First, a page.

Mix 08 Microsoft has committed to becoming a mixed ASP.NET and PHP shop for the "foreseeable" future should its proposed Yahoo! acquisition succeed, rather than convert popular services like Yahoo! mail to Microsoft's .NET architecture.
Chief executive Steve Ballmer confirmed, though, that overlapping online properties would be axed. Ballmer did not say what Microsoft ASP.NET or Yahoo! services based on the open source PHP Microsoft would keep, kill or merge, but he highlighted overlap in search, ad serving and mail.
Ballmer said Microhoo shouldn't have two of everything.
Asked by Reg Dev's Tim Anderson during an open mic session what would happen to Yahoo!'s PHP-based applications, especially in areas of overlap, Ballmer said: "When all's said and done, a bunch of those PHP applications will be running at high scale and in production for a long time to come."
Ballmer earlier committed to using Yahoo! as a means of becoming the internet's top search and ads service, leap frogging Google.
"In a sense, it's a zero sum game [against Google]. I want a larger percentage of search done with our stuff," Ballmer said during a scripted Q&A.
"Advertising on the internet is a big thing today and will be the next super-big thing. Search is the killer application of advertising today and for the foreseeable future.
"Despite the fact we are not where we'd like to be and probably could have got going a little sooner on search and search-related advertising, we are very committed."
On the death of HD-DVD
In a further concession to working with technologies not originated, or championed, by Redmond, Ballmer said Microsoft would support the Blu-Ray movie and music disc format "in ways that make sense." The rival HD DVD format, championed by Microsoft - at an industry level and in the Xbox 360's DVD player - and by Toshiba, has been left for dead following a string of high-profile defections by media and technology companies. "The world moves on, Toshiba moved on and we moved on," Ballmer said.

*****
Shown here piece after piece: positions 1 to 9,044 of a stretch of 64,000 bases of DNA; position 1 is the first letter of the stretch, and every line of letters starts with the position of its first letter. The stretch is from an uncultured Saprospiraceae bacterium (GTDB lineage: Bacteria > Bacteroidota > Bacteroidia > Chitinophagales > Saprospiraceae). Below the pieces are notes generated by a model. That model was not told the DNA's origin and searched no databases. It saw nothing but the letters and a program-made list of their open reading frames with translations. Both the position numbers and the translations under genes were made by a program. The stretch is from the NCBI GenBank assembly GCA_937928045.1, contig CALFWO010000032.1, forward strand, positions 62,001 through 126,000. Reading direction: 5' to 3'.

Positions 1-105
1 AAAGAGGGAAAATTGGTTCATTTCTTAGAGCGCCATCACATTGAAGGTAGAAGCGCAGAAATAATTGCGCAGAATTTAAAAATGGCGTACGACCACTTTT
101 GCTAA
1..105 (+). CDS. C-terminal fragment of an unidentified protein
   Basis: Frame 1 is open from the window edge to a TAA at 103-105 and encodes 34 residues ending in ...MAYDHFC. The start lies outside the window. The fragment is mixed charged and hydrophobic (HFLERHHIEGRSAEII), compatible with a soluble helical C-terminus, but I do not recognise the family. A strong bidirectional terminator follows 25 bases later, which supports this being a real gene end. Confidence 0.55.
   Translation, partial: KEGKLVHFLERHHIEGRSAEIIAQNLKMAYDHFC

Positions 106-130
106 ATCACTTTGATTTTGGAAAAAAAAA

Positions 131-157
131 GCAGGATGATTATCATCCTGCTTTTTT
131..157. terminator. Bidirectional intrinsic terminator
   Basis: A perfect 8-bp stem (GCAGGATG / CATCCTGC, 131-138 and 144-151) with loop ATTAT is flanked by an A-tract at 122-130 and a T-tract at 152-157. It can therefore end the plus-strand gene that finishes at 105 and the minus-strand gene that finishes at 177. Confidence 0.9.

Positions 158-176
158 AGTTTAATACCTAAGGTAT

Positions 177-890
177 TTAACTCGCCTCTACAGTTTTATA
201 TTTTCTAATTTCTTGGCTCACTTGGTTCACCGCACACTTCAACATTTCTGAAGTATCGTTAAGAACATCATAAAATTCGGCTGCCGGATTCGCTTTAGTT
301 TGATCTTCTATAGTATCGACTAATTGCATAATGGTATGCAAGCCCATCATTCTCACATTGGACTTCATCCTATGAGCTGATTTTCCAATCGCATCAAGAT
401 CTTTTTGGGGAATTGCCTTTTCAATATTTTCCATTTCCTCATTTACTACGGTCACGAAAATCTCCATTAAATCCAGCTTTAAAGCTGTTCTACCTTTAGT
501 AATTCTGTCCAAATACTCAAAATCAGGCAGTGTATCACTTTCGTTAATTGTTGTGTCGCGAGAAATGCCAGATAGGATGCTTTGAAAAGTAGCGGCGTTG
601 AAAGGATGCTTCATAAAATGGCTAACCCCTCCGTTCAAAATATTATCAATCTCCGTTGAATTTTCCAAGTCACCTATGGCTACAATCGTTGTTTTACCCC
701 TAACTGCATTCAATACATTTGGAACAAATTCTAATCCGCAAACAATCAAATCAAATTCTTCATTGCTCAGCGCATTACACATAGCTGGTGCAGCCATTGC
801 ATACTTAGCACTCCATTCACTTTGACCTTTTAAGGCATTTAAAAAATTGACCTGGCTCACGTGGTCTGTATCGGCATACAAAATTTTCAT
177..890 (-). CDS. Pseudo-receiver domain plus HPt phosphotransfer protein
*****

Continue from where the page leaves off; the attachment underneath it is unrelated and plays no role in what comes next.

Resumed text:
Ballmer, meanwhile, used Mix 08 to atone for his company's past mistakes in Internet Explorer's development by saying Microsoft is investing heavily in the browser to win back lost ground against open source rivals.
Ballmer promised innovation in IE is core to Microsoft, and the company has a lot more than just developer features to unveil, targeting end users.
"We feel browser innovation is important to us and core to that is how well we do against Firefox and Safari," Ballmer said. He ruled out re-starting IE on the Mac, though, saying Microsoft would apply its innovation energy to things other than bringing yet another browser to Apple's platform.
Microsoft, of course, has suffered declining market share, having called time on separate IE development years back and rolling the browser into Windows Vista, then codenamed Longhorn. Delays to Windows Vista, though, caused a "painful" gap between versions of IE, Ballmer said.
Admitting to mistakes and lessons learned, Ballmer said it was important to incubate new ideas separately before implementing them and integrating Windows and IE.
"Firefox has built presence and position in the last couple of years,' Ballmer admitted. "You see us investing heavily in the browser now. There's a lot more of the IE story to be told in the end-user features. Expect to see a lot of browser innovation."®